- peeping tom,
- peer group,
- peer gynt,
- peer of the realm,
- peer pressure,
- peer review
Origin of peer1
verb (used without object)
Origin of peer2
Examples from the Web for peers
His peers remember him as a bright man who spoke softly and occasionally came across as a bit shy.
Yet, what my peers do not realize – or cannot handle – is that rejection is a necessary part of forging a romantic relationships.Random Hook-Ups or Dry Spells: Why Millennials Flunk College Dating|Ellie Schaack|January 1, 2015|DAILY BEAST
From his purview, our visit and interest had brought excitement to him and his peers.
Story meetings with my peers are usually a matter of tossing out many ideas until the right one hits.Alfred Hitchcock’s Fade to Black: The Great Director’s Final Days|David Freeman|December 13, 2014|DAILY BEAST
Dardagan and his peers are the first to admit that local media reports often are speculative in the extreme.ISIS Fighters Are Killing Faster than Statisticians Can Count|Peter Schwartzstein|December 5, 2014|DAILY BEAST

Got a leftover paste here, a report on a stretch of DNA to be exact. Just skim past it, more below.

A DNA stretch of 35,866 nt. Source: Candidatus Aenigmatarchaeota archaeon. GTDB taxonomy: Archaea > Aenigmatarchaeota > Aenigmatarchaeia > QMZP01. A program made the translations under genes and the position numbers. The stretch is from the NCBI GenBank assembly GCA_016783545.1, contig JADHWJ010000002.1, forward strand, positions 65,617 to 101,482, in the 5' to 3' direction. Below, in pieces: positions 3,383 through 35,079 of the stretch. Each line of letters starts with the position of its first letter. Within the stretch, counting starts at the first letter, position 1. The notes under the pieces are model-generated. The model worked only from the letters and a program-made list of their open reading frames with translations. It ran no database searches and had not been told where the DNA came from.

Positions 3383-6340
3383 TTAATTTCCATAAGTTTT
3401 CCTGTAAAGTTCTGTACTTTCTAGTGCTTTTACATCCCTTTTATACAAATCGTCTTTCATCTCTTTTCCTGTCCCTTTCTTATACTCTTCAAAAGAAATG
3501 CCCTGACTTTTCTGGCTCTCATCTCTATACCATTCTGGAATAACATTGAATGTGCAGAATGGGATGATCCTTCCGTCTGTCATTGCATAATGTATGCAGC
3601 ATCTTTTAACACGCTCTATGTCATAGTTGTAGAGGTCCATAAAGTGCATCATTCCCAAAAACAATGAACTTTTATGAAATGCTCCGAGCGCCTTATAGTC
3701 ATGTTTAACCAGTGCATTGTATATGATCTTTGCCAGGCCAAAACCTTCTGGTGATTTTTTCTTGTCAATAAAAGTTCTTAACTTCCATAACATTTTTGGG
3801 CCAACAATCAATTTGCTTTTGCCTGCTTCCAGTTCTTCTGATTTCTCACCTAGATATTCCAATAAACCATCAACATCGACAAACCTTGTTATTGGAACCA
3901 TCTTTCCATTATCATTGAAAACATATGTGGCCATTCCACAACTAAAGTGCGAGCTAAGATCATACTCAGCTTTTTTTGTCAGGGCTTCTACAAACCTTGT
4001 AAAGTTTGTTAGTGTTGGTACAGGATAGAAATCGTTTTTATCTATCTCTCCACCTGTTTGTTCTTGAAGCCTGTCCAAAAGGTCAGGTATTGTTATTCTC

Chatham had addressed him living, in verse, and peers sought for the honour of supporting the pall at his funeral.Their Majesties' Servants (Volume 2 of 3)|John Doran
The Scottish peers and commoners that sat in the British parliament were divided into two factions.The History of England in Three Volumes, Vol.II.|Tobias Smollett
Sir William came to the manor on the next day, and then peers and courtiers of all ilks flocked thither to worship the rising sun.England, Picturesque and Descriptive|Joel Cook
The dragon appears in various forms in the arms of many towns, and also in those of some peers.Fictitious & Symbolic Creatures in Art|John Vinycomb
It was at this time that the members of the Royal Family, the peers and the peeresses assumed their coronets.Sixty Years a Queen|Sir Herbert Maxwell
- a person who is an equal in social standing, rank, age, etc
- (as modifier)peer pressure
Word Origin for peer
Word Origin for peer
c.1300, "an equal in rank or status" (early 13c. in Anglo-Latin), from Anglo-French peir, Old French per (10c.), from Latin par "equal" (see par (n.)). Sense of "a noble" (late 14c.) is from Charlemagne's Twelve Peers in the old romances, who, like the Arthurian knights of the Round Table, originally were so called because all were equal. Sociological sense of "one of the same age group or social set" is from 1944. Peer review attested by 1970. Peer pressure is first recorded 1971.
"to look closely," 1590s, variant of piren (late 14c.), with a long -i-, probably related to or from East Frisian piren "to look," of uncertain origin. Influenced in form and sense by Middle English peren (late 14c.), shortened form of aperen (see appear). Related: Peered; peering.